There is one more essential ingredient to my martinis: lemon. It must be fresh and firm, bright and bursting with lemon oil under its skin. It’s this oil that is the key ingredient.
Take a normal peeler and skim off a strip of jlemon peel. With the yellow waxy side (not the white pith side) facing down, twist and squeeze the peel over the glass so that little miniature explosions of lemon oil burst out and spray the inside of the glass. I also rub the peel around the glass to transfer as much of the oil as possible.
This process takes just a few seconds but it feels quite satisfying and it makes a very big difference to the overall quality of the drink.
I’ve seen people set fire to the peel at some point during this process. I gave it a try and in my opinion it didn’t seem to have that much of an impact on the overall taste.
Once the lemon oil has been extracted, its time to pour. Speed is crucial so that the drink can be served before it warms to room temperature so don’t dilly dally!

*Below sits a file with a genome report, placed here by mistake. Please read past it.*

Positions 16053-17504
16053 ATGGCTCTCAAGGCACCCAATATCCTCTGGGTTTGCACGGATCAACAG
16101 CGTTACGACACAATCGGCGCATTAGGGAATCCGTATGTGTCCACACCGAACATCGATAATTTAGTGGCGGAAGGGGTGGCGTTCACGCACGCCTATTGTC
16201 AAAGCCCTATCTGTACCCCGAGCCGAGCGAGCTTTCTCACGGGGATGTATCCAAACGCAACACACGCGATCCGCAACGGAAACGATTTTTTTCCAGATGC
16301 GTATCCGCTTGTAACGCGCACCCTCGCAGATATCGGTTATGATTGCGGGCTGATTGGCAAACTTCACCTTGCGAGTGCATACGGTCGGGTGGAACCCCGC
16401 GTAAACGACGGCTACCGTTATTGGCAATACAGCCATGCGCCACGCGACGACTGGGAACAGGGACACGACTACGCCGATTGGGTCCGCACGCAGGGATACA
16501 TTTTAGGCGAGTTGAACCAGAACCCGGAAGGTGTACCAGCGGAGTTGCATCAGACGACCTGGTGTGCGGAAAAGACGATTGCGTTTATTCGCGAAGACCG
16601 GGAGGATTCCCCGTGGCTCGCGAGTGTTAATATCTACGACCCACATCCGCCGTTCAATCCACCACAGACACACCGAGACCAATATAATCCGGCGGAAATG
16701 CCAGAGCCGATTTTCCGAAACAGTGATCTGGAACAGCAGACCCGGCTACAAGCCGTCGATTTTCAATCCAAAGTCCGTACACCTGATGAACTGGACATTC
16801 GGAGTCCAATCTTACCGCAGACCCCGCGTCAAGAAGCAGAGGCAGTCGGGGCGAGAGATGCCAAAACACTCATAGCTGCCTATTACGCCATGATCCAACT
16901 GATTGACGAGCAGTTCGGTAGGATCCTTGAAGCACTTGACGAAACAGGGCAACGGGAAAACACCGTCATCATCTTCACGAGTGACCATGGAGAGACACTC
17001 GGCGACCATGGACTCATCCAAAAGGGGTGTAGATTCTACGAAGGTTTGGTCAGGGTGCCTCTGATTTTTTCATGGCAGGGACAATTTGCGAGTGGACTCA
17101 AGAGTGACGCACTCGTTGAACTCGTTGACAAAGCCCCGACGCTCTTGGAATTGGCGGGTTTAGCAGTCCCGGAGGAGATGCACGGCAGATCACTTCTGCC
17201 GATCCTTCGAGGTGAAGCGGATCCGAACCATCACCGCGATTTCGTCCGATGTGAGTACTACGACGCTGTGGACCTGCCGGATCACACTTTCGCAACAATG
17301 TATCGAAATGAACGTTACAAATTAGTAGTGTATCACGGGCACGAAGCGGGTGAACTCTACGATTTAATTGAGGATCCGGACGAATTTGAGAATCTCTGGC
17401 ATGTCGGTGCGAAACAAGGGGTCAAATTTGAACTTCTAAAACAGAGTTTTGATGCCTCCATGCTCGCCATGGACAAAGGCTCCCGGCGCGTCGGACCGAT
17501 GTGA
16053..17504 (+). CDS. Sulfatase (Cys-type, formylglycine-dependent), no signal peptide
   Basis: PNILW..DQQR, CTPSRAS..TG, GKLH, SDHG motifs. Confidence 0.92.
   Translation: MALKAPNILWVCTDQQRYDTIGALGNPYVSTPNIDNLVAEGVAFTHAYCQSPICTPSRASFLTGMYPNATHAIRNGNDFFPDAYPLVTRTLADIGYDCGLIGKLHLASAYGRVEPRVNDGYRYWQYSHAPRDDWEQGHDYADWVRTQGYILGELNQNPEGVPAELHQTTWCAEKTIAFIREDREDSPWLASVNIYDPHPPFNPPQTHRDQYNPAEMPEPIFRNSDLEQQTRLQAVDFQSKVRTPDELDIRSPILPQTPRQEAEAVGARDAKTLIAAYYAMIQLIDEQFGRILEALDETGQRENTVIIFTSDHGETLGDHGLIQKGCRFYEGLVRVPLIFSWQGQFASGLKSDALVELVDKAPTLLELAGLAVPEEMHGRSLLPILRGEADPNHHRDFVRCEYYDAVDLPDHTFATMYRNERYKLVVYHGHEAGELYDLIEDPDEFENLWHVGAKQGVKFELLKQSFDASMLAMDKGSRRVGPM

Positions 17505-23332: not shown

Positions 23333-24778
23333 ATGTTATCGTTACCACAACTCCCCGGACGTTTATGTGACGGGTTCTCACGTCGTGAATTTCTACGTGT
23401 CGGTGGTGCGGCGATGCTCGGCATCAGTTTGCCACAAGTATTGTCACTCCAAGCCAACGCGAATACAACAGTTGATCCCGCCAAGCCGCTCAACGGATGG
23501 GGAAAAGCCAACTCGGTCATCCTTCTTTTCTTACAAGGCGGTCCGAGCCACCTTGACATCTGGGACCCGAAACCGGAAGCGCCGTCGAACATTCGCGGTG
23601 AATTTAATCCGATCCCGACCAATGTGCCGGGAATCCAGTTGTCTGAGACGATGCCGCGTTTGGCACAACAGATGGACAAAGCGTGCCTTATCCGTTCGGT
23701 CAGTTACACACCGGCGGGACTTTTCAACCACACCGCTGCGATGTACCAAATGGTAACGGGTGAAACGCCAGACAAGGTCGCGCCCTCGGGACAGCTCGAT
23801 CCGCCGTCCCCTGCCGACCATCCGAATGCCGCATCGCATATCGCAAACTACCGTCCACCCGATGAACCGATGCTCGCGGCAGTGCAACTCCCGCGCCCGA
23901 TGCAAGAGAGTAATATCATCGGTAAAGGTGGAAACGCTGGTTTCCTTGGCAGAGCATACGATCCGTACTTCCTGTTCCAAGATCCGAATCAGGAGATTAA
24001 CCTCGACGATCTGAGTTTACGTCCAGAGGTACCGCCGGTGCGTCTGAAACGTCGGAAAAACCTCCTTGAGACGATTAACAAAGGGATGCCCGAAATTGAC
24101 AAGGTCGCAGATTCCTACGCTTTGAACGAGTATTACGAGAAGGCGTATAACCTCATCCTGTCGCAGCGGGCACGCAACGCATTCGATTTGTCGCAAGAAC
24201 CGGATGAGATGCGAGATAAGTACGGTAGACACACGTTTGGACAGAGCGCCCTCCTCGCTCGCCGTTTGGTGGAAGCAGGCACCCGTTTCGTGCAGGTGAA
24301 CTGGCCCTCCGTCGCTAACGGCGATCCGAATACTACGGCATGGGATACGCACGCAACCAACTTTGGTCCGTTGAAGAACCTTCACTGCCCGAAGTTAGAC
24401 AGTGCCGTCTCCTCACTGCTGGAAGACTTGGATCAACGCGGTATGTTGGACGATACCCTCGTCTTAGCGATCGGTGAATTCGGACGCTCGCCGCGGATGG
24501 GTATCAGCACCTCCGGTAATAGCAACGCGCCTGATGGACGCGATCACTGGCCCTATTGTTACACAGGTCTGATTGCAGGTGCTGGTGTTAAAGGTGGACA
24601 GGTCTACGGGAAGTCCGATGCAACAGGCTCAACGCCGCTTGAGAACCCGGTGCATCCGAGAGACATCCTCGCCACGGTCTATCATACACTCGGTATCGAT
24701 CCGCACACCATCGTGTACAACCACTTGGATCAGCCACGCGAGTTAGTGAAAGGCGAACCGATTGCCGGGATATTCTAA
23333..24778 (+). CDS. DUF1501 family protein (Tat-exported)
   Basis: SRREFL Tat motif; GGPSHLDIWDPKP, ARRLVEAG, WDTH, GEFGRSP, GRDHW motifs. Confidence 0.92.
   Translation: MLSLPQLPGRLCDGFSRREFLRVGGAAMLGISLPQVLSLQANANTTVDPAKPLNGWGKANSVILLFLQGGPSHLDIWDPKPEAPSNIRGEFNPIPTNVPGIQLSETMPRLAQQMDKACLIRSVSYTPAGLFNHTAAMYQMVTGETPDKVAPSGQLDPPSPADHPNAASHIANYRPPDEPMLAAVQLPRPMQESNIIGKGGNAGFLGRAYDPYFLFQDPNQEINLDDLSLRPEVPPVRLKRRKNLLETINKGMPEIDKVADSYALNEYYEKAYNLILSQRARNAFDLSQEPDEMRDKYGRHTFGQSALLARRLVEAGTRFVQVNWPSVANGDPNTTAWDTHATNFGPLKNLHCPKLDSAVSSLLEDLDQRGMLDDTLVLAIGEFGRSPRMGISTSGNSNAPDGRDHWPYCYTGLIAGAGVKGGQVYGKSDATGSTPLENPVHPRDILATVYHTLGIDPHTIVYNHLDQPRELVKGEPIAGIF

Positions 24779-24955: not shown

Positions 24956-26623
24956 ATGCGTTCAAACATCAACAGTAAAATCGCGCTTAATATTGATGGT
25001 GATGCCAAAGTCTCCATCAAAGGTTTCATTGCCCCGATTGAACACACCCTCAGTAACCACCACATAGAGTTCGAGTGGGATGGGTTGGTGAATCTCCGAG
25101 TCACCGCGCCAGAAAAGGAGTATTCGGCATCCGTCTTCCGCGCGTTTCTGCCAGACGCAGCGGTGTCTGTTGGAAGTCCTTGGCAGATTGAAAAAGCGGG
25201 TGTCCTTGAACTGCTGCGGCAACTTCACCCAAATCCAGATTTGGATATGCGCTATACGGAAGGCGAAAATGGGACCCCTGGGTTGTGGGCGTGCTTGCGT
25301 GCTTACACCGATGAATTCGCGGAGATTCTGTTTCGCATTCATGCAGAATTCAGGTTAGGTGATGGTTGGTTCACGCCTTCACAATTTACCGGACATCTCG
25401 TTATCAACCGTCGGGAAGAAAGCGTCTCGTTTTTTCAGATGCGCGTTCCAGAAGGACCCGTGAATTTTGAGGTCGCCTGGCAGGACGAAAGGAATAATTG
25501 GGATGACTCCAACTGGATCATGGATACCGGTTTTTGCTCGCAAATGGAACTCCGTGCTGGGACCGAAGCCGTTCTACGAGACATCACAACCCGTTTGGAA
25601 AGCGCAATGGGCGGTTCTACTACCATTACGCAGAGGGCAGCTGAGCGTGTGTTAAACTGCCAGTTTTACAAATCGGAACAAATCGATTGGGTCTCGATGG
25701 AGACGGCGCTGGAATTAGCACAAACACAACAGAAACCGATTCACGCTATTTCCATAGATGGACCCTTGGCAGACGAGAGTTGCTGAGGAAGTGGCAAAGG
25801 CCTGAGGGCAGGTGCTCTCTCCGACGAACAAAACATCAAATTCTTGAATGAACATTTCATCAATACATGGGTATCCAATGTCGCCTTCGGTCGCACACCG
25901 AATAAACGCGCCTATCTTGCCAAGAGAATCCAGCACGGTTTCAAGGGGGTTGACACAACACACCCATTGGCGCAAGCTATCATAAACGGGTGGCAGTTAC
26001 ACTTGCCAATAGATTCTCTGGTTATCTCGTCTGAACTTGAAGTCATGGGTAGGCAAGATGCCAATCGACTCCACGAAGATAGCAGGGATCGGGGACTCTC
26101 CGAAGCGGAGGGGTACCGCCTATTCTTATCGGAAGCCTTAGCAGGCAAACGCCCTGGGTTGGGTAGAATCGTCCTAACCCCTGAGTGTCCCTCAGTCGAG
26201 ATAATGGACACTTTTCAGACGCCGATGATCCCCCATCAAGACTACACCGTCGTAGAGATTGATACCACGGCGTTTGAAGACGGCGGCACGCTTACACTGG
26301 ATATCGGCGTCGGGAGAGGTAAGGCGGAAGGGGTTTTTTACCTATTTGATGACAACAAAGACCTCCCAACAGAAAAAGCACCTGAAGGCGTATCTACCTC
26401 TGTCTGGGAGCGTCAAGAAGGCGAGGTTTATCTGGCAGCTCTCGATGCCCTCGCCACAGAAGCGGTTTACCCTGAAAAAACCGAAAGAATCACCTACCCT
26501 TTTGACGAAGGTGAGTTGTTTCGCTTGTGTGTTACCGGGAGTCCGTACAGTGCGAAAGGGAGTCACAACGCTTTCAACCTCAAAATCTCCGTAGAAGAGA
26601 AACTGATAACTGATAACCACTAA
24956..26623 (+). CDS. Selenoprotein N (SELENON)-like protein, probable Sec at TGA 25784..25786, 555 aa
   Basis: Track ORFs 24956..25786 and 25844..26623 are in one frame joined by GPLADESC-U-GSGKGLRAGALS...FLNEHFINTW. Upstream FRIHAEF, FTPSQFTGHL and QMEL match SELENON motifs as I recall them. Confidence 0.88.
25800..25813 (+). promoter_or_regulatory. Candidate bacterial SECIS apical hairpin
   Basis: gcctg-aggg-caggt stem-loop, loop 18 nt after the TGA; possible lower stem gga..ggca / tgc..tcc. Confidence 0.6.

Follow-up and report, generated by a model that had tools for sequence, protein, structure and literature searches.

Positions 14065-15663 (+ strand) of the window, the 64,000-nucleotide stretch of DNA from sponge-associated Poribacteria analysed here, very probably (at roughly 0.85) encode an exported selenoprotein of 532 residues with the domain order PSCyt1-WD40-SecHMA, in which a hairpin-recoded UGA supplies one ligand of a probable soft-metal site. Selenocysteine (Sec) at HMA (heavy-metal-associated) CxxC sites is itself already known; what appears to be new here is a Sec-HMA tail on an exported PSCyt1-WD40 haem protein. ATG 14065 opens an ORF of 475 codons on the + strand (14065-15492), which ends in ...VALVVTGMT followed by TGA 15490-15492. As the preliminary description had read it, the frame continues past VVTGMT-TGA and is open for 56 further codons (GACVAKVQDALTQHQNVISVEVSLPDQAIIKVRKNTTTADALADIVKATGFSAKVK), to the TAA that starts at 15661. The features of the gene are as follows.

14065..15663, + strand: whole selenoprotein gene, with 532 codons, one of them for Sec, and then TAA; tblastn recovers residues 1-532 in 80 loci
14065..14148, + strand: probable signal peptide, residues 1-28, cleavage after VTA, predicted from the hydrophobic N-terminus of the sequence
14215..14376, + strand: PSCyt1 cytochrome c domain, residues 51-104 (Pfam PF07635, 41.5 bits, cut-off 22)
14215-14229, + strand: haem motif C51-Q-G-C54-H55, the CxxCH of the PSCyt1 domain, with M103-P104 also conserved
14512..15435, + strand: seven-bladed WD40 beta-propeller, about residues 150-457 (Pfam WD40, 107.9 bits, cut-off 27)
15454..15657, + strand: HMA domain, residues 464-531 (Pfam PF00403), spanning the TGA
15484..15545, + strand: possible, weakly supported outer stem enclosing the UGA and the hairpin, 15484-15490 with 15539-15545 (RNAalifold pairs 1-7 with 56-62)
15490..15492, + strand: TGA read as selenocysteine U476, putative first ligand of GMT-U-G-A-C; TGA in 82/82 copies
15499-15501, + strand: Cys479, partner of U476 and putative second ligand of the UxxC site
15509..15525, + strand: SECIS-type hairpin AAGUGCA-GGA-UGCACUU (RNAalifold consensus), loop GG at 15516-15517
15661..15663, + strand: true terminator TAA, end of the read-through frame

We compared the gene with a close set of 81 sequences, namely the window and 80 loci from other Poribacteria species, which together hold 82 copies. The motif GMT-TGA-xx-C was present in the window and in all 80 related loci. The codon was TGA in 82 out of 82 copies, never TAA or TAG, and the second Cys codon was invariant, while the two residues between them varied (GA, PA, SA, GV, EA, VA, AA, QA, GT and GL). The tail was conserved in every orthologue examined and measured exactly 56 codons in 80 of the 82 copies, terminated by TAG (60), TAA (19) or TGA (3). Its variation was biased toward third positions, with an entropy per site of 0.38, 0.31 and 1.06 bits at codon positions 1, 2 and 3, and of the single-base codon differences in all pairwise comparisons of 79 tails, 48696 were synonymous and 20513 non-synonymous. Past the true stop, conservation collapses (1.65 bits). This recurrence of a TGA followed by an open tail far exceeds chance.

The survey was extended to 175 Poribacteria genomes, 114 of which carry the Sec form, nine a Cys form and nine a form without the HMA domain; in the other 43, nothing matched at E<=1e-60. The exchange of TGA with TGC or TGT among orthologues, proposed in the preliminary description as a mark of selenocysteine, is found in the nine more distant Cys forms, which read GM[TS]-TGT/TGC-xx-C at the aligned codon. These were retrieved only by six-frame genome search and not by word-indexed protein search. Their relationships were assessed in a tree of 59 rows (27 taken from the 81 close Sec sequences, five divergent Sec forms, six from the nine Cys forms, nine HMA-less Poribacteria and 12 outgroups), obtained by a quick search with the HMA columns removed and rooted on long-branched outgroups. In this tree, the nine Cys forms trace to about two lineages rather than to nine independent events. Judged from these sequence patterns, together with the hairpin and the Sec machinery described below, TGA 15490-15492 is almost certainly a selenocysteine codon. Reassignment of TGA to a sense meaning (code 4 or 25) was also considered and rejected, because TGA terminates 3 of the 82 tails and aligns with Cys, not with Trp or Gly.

You could serve the lemon peel as the martini garnish as it is although I like to shape it quickly with a knife. Nothing fancy, just making the slightly ragged ends more neat.
Alternatively, you could discard the lemon peel and serve two olives skewered on a toothpick as a classical garnish.
Just so we’re clear, you cannot do this with lemons which are slightly old. The oil in the skin dries out and by the time you’ve squeezed any out, the glass will have warmed up. Trust me, it just isn’t worth it.
If you are ever caught out and you can’t get hold of any lemons you can use lemon oil from a bottle as an alternative. It’s not so bad! Just dip a toothpick in the bottle and use it to rub a thin streak or two of the oil into the glass before serving the alcohol.